MARBLEHEAD — Architect Bruce Greenwald estimates that 75 people gathered on Saturday at the Bluff Beach Sun Circle, a sort of mini-Stonehenge constructed in 2009 at the edge of Massachusetts Bay. It attracts special attention during the winter and summer solstices. “People come from all over,” he said. “From Swampscott, Marblehead, Lynn and Salem.”
As they come from a diversity of places, they bring a diversity of purpose to this observance. Greenwald noted that some were intent on science, some on sculpture and others on nature.
“Some of it was sacred. Some people said prayers,” he said.
For example, former Marblehead High School teacher Jim Keating, an astronomer, offered a discussion of the science involved in the solstice.
Musical instruments came out; one man played to honor his father. Songs and poems were shared. Greenwald, who designed the circle, discussed the stones used to construct it. Bluff Beach is at the Marblehead/Swampscott line, off Atlantic Avenue.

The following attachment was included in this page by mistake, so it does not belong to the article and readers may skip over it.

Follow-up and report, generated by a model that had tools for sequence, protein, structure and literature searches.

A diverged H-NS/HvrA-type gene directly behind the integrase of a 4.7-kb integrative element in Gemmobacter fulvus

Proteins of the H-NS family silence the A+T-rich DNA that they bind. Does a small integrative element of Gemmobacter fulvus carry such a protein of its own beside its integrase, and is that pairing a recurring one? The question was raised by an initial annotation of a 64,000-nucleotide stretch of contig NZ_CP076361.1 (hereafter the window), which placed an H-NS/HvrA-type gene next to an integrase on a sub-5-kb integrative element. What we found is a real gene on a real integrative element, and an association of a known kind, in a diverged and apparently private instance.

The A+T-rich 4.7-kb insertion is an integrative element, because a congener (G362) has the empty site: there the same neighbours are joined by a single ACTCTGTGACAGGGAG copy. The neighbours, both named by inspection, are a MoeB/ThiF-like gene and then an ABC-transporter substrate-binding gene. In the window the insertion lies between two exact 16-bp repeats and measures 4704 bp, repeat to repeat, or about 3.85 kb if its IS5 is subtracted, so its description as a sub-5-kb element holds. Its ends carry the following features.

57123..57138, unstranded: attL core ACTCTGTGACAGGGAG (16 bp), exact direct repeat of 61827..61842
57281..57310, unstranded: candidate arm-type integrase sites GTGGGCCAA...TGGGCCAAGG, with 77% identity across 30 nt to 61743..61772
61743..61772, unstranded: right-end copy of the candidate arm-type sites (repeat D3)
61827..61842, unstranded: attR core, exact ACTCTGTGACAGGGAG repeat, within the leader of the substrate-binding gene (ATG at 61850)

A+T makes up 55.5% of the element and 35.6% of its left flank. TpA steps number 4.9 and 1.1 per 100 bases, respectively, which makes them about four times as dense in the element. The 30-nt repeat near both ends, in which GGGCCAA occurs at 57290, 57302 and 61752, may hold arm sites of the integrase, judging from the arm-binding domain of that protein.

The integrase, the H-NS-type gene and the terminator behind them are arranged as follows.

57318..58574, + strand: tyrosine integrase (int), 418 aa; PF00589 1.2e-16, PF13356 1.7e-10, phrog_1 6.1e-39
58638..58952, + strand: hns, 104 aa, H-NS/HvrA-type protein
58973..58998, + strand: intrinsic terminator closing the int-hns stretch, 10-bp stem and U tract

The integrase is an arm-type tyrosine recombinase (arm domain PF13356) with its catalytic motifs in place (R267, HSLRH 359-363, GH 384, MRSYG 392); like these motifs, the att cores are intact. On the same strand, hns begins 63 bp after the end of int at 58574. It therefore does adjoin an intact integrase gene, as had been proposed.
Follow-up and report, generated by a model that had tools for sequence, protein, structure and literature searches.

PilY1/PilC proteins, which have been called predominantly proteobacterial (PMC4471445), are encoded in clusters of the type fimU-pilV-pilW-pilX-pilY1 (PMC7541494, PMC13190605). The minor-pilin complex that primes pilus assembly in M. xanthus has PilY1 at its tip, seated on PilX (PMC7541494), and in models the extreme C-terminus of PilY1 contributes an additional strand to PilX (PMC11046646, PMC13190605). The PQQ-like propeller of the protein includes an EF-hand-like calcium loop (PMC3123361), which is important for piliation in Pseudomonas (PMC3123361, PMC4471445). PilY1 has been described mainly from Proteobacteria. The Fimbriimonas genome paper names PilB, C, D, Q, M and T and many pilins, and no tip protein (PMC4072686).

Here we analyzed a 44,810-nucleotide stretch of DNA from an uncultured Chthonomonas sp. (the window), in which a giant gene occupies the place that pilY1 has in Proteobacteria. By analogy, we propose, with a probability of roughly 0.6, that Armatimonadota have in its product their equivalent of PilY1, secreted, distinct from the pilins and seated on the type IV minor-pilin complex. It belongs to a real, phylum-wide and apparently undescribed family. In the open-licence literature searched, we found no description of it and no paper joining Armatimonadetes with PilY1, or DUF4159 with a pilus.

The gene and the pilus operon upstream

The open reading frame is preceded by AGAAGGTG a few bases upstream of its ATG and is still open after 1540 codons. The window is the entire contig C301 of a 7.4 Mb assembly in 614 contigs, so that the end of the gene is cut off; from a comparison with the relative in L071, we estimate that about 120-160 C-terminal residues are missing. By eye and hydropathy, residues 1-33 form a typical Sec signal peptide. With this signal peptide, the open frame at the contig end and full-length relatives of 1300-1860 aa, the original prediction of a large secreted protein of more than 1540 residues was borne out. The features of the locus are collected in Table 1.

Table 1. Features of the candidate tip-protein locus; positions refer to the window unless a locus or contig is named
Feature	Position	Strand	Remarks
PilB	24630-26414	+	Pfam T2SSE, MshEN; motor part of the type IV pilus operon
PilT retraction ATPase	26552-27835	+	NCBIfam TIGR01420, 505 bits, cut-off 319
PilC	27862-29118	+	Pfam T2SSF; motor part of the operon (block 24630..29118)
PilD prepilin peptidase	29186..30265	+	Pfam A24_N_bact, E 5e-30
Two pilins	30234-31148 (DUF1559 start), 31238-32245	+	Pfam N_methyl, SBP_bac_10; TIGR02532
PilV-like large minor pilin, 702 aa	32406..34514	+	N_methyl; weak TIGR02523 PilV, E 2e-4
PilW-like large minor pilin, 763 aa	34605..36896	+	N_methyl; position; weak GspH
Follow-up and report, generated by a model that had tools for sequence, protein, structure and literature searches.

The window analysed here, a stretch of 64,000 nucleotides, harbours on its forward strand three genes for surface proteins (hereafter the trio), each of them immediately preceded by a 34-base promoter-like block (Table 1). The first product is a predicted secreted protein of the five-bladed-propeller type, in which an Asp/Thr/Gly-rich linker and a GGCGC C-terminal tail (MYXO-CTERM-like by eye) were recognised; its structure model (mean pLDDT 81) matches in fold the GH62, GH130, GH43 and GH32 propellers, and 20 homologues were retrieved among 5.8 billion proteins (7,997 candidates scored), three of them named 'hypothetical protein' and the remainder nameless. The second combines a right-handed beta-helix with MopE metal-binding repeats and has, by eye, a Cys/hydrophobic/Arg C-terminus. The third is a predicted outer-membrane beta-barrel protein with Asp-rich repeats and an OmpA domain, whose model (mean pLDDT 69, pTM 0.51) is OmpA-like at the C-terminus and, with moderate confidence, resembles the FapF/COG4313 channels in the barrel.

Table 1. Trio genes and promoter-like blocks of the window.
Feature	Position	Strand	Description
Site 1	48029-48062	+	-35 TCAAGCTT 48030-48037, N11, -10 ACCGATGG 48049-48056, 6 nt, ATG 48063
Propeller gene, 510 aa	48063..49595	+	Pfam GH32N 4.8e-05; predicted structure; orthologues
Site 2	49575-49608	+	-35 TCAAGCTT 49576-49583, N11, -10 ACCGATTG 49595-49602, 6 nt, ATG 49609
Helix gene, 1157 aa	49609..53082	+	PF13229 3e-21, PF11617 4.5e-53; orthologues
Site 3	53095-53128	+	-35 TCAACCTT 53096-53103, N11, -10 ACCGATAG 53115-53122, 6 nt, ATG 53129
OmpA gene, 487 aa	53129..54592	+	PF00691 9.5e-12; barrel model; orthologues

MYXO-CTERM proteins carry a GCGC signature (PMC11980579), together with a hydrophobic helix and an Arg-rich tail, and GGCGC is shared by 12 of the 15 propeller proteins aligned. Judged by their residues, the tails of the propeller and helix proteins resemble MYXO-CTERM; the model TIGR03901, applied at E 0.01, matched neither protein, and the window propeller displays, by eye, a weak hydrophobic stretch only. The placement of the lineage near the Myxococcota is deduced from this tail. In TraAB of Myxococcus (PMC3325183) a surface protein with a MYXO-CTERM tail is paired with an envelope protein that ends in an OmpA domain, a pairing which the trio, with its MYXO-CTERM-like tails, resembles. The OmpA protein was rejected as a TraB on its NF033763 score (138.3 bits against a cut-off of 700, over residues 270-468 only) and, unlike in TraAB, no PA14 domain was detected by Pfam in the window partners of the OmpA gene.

Abbot Hall wins a letter
As work continues on maintaining the tower at Abbot Hall, someone noticed that the protective material wrapped round the structure is red. Marblehead High School’s colors are red and black.
Selectman Harry Christensen said an idea was born after he and others were looking at the big red sheet draped over the town’s jewel of a public building. “Wouldn’t it be nice to put two black ‘M’s’ on it?” Of course, it wouldn’t last for long, as the project is expected to be done in October. Nevertheless, the idea seemed good enough that he brought it up at last week’s selectmen meeting.
It would cost money, however, and Christensen conceded that the town can’t be spending on such things. “We didn’t vote on it.” But a public-spirited Marbleheader stepped forward to make it happen, providing the funding. “It’s a private entity,” the selectman said. “They don’t want to be recognized.”